If you have experienced a sexual assault or violence in a dating or intimate relationship, the most important thing you can do is get to a safe place. If you believe you or anyone else is in immediate danger, call 911 as soon as possible.
Once you are safe, contact someone you trust to be with you for support. This could be a friend, family member, or someone on campus.
All people should get help if they witness or experience sexual violence—including non-U.S. citizens.
Seek Medical Attention
No matter what happened, you should seek medical attention as soon as you can—even if you’re not sure if you want to report the incident.
It’s the best way to protect yourself from the risk of sexually transmitted diseases and pregnancy in connection with a sexual assault. And even if you think you’re physically okay, you may have injuries that need treatment.
It’s also important to have a forensic exam done. This ensures that evidence gets collected in case you decide to report what happened to the police or campus authorities.
To find the best place to go for medical attention in your area, choose your campus from the list on the left.
Preserve Evidence of the Sexual Violence or Encounter
While you might be tempted to try to erase all signs of what happened to you, it’s important to preserve the evidence. You may need it to provide proof of criminal activity or to obtain a protection order.
Do not do any of the following things until you’ve gotten medical attention and/or contacted the police.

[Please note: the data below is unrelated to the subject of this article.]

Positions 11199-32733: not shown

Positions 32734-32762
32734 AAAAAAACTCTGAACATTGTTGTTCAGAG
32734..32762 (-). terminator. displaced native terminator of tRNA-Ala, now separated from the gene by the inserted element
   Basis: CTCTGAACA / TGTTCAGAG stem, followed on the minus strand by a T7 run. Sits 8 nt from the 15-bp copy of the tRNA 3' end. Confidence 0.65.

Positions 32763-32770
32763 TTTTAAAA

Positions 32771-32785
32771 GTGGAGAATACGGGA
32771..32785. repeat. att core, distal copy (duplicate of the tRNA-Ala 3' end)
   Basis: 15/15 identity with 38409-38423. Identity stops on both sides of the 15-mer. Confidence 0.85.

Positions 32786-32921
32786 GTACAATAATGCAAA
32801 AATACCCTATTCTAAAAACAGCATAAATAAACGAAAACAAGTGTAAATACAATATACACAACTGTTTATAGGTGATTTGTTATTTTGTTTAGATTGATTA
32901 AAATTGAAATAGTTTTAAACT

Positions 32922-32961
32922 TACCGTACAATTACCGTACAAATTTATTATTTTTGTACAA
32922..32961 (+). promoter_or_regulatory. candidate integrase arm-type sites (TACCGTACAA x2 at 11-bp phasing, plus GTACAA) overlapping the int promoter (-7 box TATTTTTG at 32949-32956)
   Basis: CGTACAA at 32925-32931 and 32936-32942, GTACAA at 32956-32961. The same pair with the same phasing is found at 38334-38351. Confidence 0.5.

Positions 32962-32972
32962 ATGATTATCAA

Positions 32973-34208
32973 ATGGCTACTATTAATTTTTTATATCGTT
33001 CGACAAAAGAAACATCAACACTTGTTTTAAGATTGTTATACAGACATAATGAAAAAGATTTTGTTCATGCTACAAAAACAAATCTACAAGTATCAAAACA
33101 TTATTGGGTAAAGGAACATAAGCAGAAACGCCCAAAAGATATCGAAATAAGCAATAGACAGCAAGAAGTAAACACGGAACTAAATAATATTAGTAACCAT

- Bathe or shower
- Use the restroom
- Change clothes
- Comb hair
- Clean up the crime scene
- Move anything the offender may have touched
Don’t try to collect evidence yourself. Get help from medical or law enforcement personnel as soon as possible—or at least within 96 hours of the assault.
Get Counseling and Support
Coping with the aftermath of a sexual assault or dating or domestic violence can be very difficult—but remember, you’re not alone. Every IU campus offers counseling services to help you recover. There are also resources available in your community.
Make it a priority to get the help you need to process what happened to you and recover from the incident.
To find counseling and support resources near you, choose your campus from the list on the left.
Deciding whether or not to report an incident isn’t easy. Feel free to take your time with the decision (but make sure to get medical attention to collect evidence).
If you do decide to report the event, you have several options. You can:
- Report it to campus police or local law enforcement
- Report the event through the student conduct system
- File a complaint with the Deputy Title IX Coordinator(s) on your campus
If you do report the event to campus authorities, you can ask them to help you notify law enforcement. You can also decline to involve the police.
To learn more, find your campus in Report an Incident.
**The University strives to uphold privacy and confidentiality as much as possible and only shares information received with those who have a need to know in order to respond. Individuals who desire anonymity in discussing and seeking assistance about sexual misconduct should contact and/or be referred to a confidential employee on their campus.**